Palarino has served more than 20 years in the armed services as an artilleryman and helicopter pilot. He said insurgents generally fire these rockets hoping they land somewhere near or in the Green Zone, "but have no way to aim the rockets."

I spent a few years in the military--including ground combat in two theaters--and I have no idea what this guy is talking about. This idea that there's nothing to aim with is ridiculous. Anything can be aimed. Some aiming mechanisms are more effective than others, but anything can be aimed. For instance, I don't have a specialized aiming mechanism, but I still manage to hit the toilet nine out of ten times. If you fire the same type of rocket from the same type of launcher from the same location in the same direction, you probably have a pretty good shot at hitting close to where you hit last time.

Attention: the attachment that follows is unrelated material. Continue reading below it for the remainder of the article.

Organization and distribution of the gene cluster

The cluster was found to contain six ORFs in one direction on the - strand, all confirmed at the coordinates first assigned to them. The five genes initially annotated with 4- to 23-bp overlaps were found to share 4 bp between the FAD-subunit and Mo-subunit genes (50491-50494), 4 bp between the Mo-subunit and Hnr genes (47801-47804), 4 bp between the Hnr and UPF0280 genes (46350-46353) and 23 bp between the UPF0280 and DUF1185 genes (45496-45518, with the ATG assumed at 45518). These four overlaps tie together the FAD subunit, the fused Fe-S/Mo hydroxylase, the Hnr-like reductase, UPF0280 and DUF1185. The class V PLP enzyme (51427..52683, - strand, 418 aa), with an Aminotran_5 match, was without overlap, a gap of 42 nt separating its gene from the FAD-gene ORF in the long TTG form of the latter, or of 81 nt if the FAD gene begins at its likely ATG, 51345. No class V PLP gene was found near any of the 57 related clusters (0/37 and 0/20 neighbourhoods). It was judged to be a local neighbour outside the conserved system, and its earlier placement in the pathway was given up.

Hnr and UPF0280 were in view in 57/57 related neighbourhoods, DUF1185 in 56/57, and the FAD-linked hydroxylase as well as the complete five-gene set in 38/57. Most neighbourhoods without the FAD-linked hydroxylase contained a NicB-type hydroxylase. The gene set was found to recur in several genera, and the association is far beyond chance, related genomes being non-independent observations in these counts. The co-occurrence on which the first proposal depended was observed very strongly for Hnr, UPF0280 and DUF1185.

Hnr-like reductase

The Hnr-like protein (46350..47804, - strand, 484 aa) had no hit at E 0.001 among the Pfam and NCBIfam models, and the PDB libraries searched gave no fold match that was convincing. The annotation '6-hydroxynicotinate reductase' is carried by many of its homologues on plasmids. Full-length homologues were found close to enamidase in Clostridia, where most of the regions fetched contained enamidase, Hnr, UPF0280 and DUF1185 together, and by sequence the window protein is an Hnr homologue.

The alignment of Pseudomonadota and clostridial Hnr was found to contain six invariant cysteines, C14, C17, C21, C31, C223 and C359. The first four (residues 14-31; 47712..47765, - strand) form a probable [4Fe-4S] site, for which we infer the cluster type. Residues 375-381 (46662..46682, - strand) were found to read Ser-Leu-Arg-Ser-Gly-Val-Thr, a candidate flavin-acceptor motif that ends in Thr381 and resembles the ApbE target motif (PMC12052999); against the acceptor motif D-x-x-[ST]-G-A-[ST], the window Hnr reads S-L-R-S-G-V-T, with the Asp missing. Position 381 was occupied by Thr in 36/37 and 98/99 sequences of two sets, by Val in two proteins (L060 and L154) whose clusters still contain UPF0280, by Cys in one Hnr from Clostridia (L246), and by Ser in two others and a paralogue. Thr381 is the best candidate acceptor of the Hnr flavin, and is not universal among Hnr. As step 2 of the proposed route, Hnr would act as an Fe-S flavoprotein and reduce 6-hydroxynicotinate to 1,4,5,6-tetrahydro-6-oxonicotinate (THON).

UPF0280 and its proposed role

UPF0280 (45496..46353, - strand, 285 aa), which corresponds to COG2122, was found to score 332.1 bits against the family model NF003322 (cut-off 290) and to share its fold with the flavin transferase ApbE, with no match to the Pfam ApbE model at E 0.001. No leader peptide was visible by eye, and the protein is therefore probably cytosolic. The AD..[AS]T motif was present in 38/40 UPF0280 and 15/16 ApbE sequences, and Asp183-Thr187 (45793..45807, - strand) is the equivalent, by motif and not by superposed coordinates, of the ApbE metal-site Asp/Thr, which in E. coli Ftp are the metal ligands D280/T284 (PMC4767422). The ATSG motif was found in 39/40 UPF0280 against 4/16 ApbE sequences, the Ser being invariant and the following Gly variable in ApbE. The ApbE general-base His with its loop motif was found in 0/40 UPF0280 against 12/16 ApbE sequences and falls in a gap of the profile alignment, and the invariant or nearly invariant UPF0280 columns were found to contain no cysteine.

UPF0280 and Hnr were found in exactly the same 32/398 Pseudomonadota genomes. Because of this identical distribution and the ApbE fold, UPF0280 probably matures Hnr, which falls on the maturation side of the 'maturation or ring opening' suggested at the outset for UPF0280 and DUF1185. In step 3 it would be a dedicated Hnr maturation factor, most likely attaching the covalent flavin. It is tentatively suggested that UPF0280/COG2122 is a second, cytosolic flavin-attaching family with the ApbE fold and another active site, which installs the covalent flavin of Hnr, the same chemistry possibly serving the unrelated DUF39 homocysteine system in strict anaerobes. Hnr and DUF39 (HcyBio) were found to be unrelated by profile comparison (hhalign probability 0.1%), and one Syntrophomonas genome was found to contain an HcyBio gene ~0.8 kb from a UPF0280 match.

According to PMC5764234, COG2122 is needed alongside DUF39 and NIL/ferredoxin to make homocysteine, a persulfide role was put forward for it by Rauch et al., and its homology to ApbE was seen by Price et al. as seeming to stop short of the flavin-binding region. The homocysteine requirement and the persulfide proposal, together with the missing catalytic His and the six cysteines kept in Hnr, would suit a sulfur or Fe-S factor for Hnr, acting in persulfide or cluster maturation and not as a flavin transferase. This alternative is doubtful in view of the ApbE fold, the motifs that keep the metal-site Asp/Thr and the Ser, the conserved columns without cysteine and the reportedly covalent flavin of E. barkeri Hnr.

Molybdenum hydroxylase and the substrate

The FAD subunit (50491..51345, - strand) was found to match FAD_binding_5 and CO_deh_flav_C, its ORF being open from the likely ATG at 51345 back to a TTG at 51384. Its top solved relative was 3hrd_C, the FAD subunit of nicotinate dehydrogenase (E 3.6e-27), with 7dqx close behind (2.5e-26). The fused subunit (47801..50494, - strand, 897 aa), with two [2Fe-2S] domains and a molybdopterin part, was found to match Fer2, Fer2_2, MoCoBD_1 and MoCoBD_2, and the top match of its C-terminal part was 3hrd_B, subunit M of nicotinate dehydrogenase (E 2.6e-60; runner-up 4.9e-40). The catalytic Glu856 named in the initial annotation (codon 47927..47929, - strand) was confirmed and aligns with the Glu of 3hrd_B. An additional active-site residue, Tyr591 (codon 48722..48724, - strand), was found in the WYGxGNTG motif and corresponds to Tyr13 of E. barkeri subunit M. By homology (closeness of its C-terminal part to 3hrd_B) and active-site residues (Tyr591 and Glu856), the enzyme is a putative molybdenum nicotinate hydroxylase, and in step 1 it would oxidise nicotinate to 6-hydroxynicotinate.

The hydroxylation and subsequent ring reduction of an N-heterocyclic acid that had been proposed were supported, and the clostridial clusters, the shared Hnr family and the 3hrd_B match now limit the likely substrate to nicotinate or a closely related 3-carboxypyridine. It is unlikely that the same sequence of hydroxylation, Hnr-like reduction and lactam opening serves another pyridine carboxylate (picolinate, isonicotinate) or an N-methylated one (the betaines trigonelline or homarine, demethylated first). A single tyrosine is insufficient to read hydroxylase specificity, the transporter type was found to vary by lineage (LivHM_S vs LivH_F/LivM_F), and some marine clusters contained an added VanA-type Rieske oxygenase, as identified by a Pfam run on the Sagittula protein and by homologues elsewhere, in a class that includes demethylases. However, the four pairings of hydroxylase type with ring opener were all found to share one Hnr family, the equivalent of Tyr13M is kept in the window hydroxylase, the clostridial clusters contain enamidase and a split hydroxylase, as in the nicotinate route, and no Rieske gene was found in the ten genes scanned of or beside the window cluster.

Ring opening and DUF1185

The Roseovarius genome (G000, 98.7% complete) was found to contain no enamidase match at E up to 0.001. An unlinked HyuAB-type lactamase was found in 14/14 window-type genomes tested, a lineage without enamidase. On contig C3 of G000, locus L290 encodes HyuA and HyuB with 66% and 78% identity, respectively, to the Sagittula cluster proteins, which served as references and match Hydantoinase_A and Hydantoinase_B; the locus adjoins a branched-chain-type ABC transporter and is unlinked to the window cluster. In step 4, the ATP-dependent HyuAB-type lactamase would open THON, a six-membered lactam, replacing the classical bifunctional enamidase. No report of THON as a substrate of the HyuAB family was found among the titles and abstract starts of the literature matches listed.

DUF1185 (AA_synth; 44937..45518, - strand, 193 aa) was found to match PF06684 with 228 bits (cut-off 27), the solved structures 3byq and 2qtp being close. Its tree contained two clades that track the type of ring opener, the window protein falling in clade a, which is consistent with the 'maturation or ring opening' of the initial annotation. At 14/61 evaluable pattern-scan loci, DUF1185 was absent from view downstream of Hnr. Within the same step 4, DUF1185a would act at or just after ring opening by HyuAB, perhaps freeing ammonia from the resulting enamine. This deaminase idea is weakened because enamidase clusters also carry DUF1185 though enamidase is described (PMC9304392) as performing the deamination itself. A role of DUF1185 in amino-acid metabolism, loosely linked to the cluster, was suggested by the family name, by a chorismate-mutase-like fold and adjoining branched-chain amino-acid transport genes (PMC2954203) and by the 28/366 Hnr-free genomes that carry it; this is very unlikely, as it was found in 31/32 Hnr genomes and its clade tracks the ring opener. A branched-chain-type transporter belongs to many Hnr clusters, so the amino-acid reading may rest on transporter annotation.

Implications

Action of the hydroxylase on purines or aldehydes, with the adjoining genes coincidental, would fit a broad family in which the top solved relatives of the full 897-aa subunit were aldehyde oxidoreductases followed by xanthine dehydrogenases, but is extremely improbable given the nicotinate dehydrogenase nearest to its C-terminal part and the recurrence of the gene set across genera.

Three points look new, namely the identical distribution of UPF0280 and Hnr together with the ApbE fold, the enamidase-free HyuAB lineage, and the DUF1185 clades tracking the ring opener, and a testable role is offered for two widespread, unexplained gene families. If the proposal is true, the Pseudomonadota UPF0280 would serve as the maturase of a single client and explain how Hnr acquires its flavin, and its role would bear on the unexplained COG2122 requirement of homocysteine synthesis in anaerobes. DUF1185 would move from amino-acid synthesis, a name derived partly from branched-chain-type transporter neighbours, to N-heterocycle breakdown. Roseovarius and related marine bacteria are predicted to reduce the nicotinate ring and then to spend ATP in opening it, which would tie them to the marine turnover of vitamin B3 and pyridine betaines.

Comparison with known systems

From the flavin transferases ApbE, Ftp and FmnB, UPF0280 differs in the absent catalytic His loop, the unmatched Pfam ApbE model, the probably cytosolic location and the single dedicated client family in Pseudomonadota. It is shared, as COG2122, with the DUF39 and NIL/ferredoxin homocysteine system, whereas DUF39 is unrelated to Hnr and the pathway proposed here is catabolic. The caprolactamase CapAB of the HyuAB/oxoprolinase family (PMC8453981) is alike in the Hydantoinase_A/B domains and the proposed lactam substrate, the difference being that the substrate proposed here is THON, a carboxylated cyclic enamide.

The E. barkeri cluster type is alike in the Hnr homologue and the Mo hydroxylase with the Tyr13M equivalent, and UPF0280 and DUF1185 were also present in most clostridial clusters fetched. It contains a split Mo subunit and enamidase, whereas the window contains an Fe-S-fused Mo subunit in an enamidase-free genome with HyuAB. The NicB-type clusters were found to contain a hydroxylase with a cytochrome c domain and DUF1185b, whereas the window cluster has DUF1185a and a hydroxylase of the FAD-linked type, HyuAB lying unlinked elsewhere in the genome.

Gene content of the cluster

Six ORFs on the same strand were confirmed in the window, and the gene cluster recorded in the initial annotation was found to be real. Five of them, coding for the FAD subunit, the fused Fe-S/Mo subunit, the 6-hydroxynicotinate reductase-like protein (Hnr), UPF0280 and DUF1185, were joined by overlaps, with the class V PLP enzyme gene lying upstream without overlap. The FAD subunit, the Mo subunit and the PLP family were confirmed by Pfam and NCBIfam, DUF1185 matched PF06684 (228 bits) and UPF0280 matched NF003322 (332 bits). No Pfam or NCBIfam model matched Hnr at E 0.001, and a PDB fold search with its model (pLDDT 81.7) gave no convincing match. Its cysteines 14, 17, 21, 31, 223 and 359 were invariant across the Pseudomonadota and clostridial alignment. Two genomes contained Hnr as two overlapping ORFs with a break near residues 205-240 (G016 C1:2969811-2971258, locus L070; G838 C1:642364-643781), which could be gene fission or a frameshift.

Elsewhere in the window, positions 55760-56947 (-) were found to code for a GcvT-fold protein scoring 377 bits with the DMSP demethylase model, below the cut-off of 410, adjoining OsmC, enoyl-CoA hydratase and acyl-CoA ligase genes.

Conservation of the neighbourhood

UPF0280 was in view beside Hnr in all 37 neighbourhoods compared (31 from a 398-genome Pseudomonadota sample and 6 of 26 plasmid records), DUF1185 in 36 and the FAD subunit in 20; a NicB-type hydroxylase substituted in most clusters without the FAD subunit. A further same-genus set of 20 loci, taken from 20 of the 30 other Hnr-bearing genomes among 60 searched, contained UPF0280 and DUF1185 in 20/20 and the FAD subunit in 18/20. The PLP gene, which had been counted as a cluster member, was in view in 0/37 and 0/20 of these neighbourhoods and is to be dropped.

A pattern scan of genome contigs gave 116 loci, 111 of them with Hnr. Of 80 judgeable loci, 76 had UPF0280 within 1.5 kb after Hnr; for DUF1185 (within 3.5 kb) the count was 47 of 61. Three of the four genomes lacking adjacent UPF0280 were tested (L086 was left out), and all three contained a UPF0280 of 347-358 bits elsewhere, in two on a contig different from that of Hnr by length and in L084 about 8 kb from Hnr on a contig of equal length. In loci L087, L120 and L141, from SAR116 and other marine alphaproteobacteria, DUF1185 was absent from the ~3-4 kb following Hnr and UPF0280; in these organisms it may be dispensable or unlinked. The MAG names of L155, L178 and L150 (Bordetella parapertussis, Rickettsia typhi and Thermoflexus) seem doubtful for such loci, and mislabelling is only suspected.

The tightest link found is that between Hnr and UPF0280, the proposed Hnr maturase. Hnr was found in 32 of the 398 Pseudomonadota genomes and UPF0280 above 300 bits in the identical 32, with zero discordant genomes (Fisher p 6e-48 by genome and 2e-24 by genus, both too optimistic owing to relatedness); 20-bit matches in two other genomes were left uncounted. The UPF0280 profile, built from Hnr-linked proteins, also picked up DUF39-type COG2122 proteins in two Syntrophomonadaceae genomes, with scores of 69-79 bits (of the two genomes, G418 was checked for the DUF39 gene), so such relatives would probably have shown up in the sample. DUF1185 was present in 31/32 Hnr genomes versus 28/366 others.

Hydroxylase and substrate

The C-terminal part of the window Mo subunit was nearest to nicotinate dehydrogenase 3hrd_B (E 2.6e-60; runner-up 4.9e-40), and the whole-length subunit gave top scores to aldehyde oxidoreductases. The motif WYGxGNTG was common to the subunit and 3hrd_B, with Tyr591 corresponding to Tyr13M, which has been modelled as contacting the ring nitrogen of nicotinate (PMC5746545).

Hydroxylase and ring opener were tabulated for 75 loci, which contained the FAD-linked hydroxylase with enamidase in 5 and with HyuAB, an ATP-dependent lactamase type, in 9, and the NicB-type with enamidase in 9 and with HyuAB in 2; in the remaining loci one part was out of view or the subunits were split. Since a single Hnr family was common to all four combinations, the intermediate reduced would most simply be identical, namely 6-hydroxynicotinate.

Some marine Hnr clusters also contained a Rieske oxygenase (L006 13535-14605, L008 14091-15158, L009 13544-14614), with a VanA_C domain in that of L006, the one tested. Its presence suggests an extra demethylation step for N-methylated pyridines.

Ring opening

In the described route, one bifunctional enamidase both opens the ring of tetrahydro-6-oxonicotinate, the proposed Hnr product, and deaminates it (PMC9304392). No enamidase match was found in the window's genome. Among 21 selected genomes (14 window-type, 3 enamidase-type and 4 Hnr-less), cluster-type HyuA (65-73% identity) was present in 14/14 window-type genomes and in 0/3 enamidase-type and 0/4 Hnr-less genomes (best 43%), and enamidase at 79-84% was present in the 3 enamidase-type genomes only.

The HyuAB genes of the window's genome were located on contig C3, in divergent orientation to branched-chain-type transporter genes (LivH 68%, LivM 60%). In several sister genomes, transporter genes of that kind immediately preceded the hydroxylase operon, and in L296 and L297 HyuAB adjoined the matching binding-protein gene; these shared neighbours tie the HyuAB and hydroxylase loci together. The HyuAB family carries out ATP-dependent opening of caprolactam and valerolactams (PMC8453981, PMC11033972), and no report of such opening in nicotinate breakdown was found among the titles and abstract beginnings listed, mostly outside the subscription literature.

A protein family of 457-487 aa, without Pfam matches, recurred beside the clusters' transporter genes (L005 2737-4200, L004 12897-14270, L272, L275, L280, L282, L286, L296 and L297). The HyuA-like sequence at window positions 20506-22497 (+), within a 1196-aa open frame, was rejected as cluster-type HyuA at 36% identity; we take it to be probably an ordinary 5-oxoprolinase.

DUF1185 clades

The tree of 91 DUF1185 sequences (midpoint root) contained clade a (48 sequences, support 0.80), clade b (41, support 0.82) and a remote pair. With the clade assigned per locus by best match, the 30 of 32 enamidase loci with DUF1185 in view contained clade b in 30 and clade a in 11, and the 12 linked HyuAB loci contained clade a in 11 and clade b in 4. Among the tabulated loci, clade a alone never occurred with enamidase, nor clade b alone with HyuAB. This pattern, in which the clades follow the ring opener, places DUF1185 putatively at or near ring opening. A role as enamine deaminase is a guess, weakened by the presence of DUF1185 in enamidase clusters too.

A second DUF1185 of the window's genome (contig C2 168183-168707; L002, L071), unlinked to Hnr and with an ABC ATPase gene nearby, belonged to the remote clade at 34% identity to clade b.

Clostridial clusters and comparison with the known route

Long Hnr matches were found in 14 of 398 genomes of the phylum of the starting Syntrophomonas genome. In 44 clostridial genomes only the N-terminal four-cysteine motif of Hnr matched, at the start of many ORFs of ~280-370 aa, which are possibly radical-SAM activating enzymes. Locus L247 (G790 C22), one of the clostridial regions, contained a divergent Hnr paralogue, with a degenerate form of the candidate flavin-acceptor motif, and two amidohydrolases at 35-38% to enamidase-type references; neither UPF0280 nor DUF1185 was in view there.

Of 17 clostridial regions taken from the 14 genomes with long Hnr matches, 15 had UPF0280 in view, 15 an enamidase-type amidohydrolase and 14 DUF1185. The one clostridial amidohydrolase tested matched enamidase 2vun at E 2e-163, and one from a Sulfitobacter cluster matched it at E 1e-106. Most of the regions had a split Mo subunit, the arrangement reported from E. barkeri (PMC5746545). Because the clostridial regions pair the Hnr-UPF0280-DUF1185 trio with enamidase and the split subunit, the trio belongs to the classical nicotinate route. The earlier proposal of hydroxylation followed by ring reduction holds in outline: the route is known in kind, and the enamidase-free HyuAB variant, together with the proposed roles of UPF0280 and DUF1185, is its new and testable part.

But Palarino's comments weren't nearly as outrageous as Democratic--yes, Democratic--Congressman Jim Marshall's assertions in support of McHenry:

U.S. Rep Jim Marshall, D-Macon, Ga., led McHenry's delegation to Iraq.

He said it's "utterly implausible for this to happen. What's the likelihood that insurgents would see this video? Virtually nil. These guys are sort of crude thugs using weaponry that is crude."

There are so many things wrong in those four sentences that's it's hard to know where to begin. First of all, it's not "utterly implausible." What Marshall is showing here is that he has absolutely no understanding of Iraq or of the insurgency that is taking place there. Unlike in America--where virtually no one speaks Arabic--many Iraqis do speak English. And not only do they speak excellent English, but they follow Western media patterns and events. This is why they've been able to capitalize so successfully on internet videos of their relatively sophisticated attacks on Americans.